The Kingdom of Sweden

  • Sweden is the fourth largest country in Europe covering an area of 450,000 square kilometres; about seven times the size of Ireland.  It stretches 1,000 miles from top to bottom, and in fact if you hung Sweden from Stockholm, the southern tip of the country, it would reach the toe of Italy.  (Hopefully that’s the only piece of useless information you will get in this message).

    Its population is just 9 million, and 2 million of those live in the Stockholm metropolitan area.

  • Last year just about 96,000 visited Ireland, which was almost double the numbers of 4 years ago.  To put some perspective on that some three quarters of a million visited Britain (79,000 making their way to Scotland).
  • Sweden is a constitutional monarchy, and King Carl Gustaf is head of state, but performs largely official and ceremonial duties.  The EIU lists Sweden in first place in its index of democracy out of 167 countries.
  • In 1971 the Riksdag became a single-chamber Parliament.  Its 349 members are elected on the basis of proportional representation for a four-year term.  The Parliament set a new “world record” recently, with 47% of its elected members being women.
  • The Social Democrats have dominated the Parliament for most of the 20th century, being in power for 65 of the past 75 years.  However, they lost out in the 2006 elections when the Alliance, made up of the Moderates, Liberals, Center and Christian Democrats, were successful in the polls.  (Obviously its citizens are conscientious about voting with a poll of 80%+ in the last election.)
  • The current government has had something of a rocky start in its first year in office with the resignations of two female Ministers over scandals.
  • A bursting real estate bubble caused by inadequate controls on lending, combined with an international recession and a policy switch from anti-unemployment policies to anti-inflationary policies resulted in a fiscal crisis in the early 1990s.  Sweden’s GDP declined by around 5%.  In 1992 there was a run on the currency, the central bank briefly jacking up interest rates to 500% in an unsuccessful effort to defend the currency’s fixed exchange rate.  Total employment fell by almost 10% during the crisis.  The response of the government was to cut spending and institute a multitude of reforms to improve Sweden’s competitiveness, among them reducing the welfare state and privatising public services and goods.
  • Sweden joined the EU in 1995 but has demurred at joining the Euro currency, and since their economic performance has exceeded that of the Eurozone in almost every year since, who is to say they were wrong.
  • Although an impressive market economy, Sweden has high taxes and redistributes its wealth to a greater degree than most other countries, protecting its citizens from cradle to grave, so to speak.  It is a model that is the envy of many countries and while a tougher economic climate puts increased strain on this model the essential features are likely to remain intact for the foreseeable future.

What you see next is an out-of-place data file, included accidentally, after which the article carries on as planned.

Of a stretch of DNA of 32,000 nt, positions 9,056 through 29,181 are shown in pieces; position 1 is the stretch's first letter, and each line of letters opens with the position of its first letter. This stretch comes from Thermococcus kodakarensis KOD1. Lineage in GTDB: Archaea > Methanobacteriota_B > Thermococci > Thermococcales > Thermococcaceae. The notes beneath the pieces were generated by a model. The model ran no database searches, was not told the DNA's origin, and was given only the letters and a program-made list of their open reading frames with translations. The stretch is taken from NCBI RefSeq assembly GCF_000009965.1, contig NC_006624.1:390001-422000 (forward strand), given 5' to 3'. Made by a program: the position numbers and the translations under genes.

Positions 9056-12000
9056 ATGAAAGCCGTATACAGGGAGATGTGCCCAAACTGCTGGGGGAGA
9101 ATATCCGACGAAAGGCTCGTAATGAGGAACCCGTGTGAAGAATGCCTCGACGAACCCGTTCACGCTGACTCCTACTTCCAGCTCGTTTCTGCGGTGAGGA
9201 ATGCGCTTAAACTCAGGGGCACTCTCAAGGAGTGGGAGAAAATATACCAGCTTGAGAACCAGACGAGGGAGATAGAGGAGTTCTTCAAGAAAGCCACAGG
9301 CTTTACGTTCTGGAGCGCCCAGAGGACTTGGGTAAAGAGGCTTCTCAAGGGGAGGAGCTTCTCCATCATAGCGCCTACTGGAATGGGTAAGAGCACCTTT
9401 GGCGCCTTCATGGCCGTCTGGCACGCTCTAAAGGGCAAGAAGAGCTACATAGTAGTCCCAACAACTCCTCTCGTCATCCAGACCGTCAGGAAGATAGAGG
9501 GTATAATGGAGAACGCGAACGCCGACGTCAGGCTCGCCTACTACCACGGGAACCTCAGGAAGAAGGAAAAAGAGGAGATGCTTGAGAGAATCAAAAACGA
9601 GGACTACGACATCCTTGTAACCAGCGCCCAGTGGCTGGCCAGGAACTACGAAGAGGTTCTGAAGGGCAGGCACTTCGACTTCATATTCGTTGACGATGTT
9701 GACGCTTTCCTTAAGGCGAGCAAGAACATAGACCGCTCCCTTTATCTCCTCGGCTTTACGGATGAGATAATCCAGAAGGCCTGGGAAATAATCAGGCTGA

• It is hard to comprehend how a country with just a population of 9 million has produced so many successful global brands such as Volvo, Saab, Ericsson, ABB Electrolux, Ikea to name but a few, as well as leading athletes, tennis players, golfers and top names in many other aspects of life, not to mention ABBA.  Swedes played a pioneering role in the development of cinema, and produced such icons as Ingmar Bergman, Greta Garbo, Ingrid Bergman and Anita Ekberg.
  • The EIU rates Sweden number three out of 70 countries in terms of its e-readiness, after the USA and Hong Kong.
  • Currently Sweden’s energy sources are more or less equally divided between nuclear power and hydropower, but it’s seeking to phase out nuclear power by 2020 and, at the same time, become the world’s first oil free economy.
  • Lack of direct air access has been an issue in exploiting the real potential of this market.  This has improved somewhat in recent times and currently Ryanair serves Ireland with services from Stockholm and Gothenburg to Dublin, and also SAS from Stockholm to Dublin.
  • Sweden and the adjoining Nordic countries represent less than 10% of our visitors from Continental Europe.  While these countries represent fairly good prospects for growth because of their high per capita wealth and spending power, it is improbable that they will increase that share of European visitors any time soon.  The Nordic countries consist of Sweden, Norway, Finland, Denmark and Iceland.
  • Last year there was good growth in visitor numbers from these Nordic states with Norway producing 61,000 visitors, Denmark 55,000 and Finland 38,000.
  • Along with the UK, Spain is a big destination for Swedish travellers with about three quarters of a million trips, followed closely by Germany with just under that amount, Italy with 362,000, Denmark with 345,000 and Greece with 316,000.
  • 77% of Nordic visitors come here to explore Ireland’s sights and find out about the culture.
  • The good news is that 93% said the holiday matched or exceeded their expectations, while just 4% were unhappy.  87% would recommend Ireland to a friend, and a further 11% would do so with reservations.
  • For a whole lot of further detailed information on the Nordic markets, click here for the Tourism Ireland site.
  • Next up – Australia.
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